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Dungeons & Dragons

Dungeons & Dragons is a fantasy tabletop role-playing game designed by Gary Gygax and Dave Arneson. It was first published in 1974 by Tactical Studies Rules, Inc.. The game has been published by Wizards of the Coast since 1997, it was derived from miniature wargames, with a variation of the 1971 game Chainmail serving as the initial rule system. D&D's publication is recognized as the beginning of modern role-playing games and the role-playing game industry. D&D departs from traditional wargaming by allowing each player to create their own character to play instead of a military formation; these characters embark upon imaginary adventures within a fantasy setting. A Dungeon Master serves as the game's referee and storyteller, while maintaining the setting in which the adventures occur, playing the role of the inhabitants of the game world; the characters form a party and they interact with the setting's inhabitants and each other. Together they solve dilemmas, engage in battles, gather treasure and knowledge.

In the process, the characters earn experience points in order to rise in levels, become powerful over a series of separate gaming sessions. The early success of D&D led to a proliferation of similar game systems. Despite the competition, D&D has remained as the market leader in the role-playing game industry. In 1977, the game was split into two branches: the rules-light game system of basic Dungeons & Dragons, the more structured, rules-heavy game system of Advanced Dungeons & Dragons. AD&D 2nd Edition was published in 1989. In 2000, a new system was released as D&D 3rd edition, continuing the edition numbering from AD&D; these 3rd edition rules formed the basis of the d20 System, available under the Open Game License for use by other publishers. D&D 4th edition was released in June 2008; the 5th edition of D&D, the most recent, was released during the second half of 2014. In 2004, D&D remained the best-known, best-selling, role-playing game in the US, with an estimated 20 million people having played the game, more than US$1 billion in book and equipment sales worldwide.

2017 had "the most number of players in its history — 12 million to 15 million in North America alone". D&D 5th edition sales "were up 41 percent in 2017 from the year before, soared another 52 percent in 2018, the game’s biggest sales year yet"; the game has been supplemented by many pre-made adventures, as well as commercial campaign settings suitable for use by regular gaming groups. D&D is known beyond the game itself for other D&D-branded products, references in popular culture, some of the controversies that have surrounded it a moral panic in the 1980s falsely linking it to Satanism and suicide; the game has been translated into many languages. Dungeons & Dragons is a open-ended role-playing game, it is played indoors with the participants seated around a tabletop. Each player controls only a single character, which represents an individual in a fictional setting; when working together as a group, these player characters are described as a "party" of adventurers, with each member having their own area of specialty which contributes to the success of the whole.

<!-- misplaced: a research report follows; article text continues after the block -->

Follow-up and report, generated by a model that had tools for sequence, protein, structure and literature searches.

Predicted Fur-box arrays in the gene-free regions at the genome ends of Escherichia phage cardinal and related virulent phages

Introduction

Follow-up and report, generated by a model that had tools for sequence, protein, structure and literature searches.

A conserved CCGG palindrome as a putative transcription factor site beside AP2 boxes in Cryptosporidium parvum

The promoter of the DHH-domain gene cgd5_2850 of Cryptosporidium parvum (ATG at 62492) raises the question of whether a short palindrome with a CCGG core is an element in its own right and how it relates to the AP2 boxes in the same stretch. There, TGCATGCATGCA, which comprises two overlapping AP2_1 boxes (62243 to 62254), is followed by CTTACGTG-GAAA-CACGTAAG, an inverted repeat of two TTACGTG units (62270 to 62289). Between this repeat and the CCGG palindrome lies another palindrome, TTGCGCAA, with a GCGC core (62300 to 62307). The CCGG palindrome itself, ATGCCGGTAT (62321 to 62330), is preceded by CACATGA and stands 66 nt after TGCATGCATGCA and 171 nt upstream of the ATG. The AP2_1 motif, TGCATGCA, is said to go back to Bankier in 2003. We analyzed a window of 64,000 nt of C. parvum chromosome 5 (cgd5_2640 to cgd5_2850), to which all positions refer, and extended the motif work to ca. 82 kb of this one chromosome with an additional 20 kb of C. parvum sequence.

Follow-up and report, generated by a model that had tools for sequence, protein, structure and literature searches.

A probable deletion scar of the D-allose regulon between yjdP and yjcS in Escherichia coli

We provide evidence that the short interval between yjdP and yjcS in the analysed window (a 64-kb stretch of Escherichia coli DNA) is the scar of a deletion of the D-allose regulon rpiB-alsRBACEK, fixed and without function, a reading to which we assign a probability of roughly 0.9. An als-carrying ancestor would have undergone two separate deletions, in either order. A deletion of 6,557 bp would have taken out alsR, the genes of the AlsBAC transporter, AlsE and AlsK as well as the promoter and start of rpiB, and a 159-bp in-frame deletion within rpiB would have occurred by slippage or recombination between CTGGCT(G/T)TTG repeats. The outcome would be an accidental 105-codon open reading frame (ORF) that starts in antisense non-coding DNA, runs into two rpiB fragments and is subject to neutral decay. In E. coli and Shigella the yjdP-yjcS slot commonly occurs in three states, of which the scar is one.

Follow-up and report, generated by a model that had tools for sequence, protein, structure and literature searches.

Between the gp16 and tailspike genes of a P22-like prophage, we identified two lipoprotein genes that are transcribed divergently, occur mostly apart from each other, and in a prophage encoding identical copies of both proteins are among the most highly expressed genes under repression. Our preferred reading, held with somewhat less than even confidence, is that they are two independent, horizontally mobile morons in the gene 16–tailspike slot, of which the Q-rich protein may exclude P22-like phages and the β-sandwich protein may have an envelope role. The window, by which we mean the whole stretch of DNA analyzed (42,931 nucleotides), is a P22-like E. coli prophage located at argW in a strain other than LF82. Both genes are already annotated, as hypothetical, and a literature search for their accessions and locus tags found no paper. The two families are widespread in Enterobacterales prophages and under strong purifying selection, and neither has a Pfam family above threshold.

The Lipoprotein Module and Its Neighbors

During the course of play, each player directs the actions of their character and their interactions with other characters in the game. This activity is performed through the verbal impersonation of the characters by the players, while employing a variety of social and other useful cognitive skills, such as logic, basic mathematics and imagination. A game continues over a series of meetings to complete a single adventure, longer into a series of related gaming adventures, called a "campaign"; the results of the party's choices and the overall storyline for the game are determined by the Dungeon Master according to the rules of the game and the DM's interpretation of those rules. The DM selects and describes the various non-player characters that the party encounters, the settings in which these interactions occur, the outcomes of those encounters based on the players' choices and actions. Encounters take the form of battles with "monsters" – a generic term used in D&D to describe hostile beings such as animals, aberrant beings, or mythical creatures.